Regardless of the current development of case law on coverage for cyber claims made on CGL Policies, most insurance carriers are expected to specifically exclude cyber breaches from coverage in their CGL Policies. To mitigate their business risks associates with cyber breaches, organisations may have no choice but to purchase Cyber Insurance.

Are you comparing apples and oranges?

Even among Cyber Insurance policies, there is great variation in the coverage provided. Not only do the policies vary considerably in their language and provisions, some policies seek to better serve their insureds with additional features. Since case law on Cyber Insurance is still relatively scarce, it is even more important for organisations to review their coverage with both their insurance brokers and counsel.

Of the numerous policies we surveyed, there were indeed common characteristics. Most policies were specifically designed to protect against cyber risks, and those hybrid policies that provide for some cyber liability protection, typically provide for coverage for at least the following. Firstly, coverage for first and third loss arising from breach of the insureds’ networks and databases. Breaches by hackers, identity thieves, viruses and trojans may fall into this category, subject to policy exclusions.

Secondly, coverage for regulatory defence expenses. In addition to various federal statutes that may apply, most states now have statutory reporting and disclosure requirements for insureds that discover a data breach. In cases where there may be a significant amount of personal information compromised, it would not be unusual for organisations to receive calls from both federal and state authorities. Cyber Insurance may provide coverage for regulatory investigations relating to the insureds’ responses to such requirements, again subject to exclusions.

There were also some exclusions common to most policies: (i) breaches that occurred prior to the policy period or a policy specified ‘retroactive period’, including breaches that the insured had knowledge or suspicion of prior to said period; (ii) intentional, dishonest and criminal acts by the insured; (iii) loss to subsidiaries, related entities and joint-venturers, unless they are otherwise specified as an insured; (iv) liability assumed by the insured under a contract; and (v) claims brought by an insured against the insured.

Perhaps most importantly, among the policies we sampled we found great variance in how covered cyber breaches and ‘losses’ were defined. Because the actual business and vulnerabilities of more traditional internet vendors may differ substantially from emerging technologies such as ‘cloud companies’ and ‘big data’, a careful selection of appropriate policy language is absolutely imperative.

Just as interesting are the various additional coverages that carriers are packaging with their Cyber Insurance. For example, subject to policy exclusions, some of the policies we sampled may provide coverage for: (i) ‘errors and omissions’ committed by the insured in the course of providing support services for their technology; (ii) ‘advertising and media claims’; (iii) consequential damages in the form of loss of power and networks to third parties; and (iv) loss of intellectual property of third parties.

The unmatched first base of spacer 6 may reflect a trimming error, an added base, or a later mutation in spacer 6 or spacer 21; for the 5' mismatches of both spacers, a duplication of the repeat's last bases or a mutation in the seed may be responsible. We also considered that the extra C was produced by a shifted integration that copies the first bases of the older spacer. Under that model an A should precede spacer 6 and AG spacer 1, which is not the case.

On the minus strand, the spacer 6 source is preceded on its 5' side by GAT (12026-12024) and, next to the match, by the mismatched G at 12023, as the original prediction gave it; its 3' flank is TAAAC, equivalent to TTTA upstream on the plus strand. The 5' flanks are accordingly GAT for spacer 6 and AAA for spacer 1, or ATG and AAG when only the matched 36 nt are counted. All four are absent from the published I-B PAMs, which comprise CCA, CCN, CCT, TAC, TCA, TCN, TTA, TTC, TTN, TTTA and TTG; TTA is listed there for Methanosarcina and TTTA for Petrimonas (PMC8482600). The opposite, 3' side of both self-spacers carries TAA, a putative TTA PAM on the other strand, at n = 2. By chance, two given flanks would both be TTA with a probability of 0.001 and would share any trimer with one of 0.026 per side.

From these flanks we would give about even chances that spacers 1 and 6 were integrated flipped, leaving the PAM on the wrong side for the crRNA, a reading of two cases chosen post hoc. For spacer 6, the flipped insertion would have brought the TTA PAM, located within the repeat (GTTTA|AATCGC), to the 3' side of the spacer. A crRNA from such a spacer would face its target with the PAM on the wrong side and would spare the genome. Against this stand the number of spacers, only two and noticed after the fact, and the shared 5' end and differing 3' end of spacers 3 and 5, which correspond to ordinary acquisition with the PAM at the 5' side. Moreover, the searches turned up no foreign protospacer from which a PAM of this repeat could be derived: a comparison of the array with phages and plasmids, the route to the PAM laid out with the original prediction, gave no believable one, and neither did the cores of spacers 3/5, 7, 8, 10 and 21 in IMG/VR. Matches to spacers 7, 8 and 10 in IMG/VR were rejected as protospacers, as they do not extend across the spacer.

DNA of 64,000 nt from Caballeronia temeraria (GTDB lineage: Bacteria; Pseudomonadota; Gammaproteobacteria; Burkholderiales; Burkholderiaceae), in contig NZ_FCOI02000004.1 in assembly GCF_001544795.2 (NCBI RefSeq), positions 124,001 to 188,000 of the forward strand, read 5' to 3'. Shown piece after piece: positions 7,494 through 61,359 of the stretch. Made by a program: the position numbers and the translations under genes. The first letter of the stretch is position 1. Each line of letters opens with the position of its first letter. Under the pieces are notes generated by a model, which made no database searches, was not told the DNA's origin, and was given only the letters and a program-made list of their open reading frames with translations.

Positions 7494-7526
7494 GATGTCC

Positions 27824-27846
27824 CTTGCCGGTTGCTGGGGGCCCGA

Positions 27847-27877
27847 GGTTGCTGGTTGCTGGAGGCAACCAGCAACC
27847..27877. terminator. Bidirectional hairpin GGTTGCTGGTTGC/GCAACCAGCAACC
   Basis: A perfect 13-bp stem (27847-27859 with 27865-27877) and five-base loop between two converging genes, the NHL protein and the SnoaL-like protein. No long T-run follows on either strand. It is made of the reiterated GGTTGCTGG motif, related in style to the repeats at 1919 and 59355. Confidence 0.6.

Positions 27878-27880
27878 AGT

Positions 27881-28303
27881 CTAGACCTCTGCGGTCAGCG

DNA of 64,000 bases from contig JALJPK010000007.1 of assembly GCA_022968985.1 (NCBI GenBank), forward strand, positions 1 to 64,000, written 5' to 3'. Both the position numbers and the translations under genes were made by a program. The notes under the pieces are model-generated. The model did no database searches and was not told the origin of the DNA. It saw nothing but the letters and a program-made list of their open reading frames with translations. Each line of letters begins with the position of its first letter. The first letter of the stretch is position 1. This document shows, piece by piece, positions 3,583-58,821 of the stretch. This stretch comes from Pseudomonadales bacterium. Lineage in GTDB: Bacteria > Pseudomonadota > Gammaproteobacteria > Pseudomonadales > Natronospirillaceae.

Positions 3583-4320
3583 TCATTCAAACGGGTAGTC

We found that carriers also varied in how they package Cyber Insurance with traditional forms of insurance. Carriers are often packing their Cyber Insurance with directors & officers policies, in addition to traditional CGL Policies.

In short, the insurance marketplace is rife with opportunities for those who are willing to spend the time to optimise their insurance to best fit their business needs.


Even for organisations that have purchased Cyber Insurance, many have not carefully reviewed their policies to assess what may or may not be covered. This can be particularly dangerous where the policies purchased are not optimised to fit the organisation’s business needs.

For large organisations that need multiple layers of Cyber Insurance, it is even more important to conduct a thorough review to make sure that there are no gaps in coverage. Organisations should not passively rely on their professional advisers and should instead affirmatively assess and reassess their needs in light of the changing insurance environment. Indeed, Cyber Insurance brokers are likely to inform clients that where underwriters are still trying to figure out how to best underwrite cyber risks, opportunities abound for organisations to optimise their Cyber Insurance to fit their needs for little – if any – additional costs.


Hsiao C. (Mark) Mao is a partner at Kaufman Dolowich & Voluck LLP and Michael A. Bozzuto is a commercial lines agent at Steven Bozzuto Insurance Agency, Inc. Mr Mao can be contacted on +1 (415) 926 7600 or by email: mmao@kdvlaw.com. Mr Bozzuto can be contacted on +1 (916) 673 2607 or by email: mike@bozzutoinsurance.com.

© Financier Worldwide


Hsiao C. (Mark) Mao

Kaufman Dolowich & Voluck LLP


Michael A. Bozzuto

Steven Bozzuto Insurance Agency, Inc.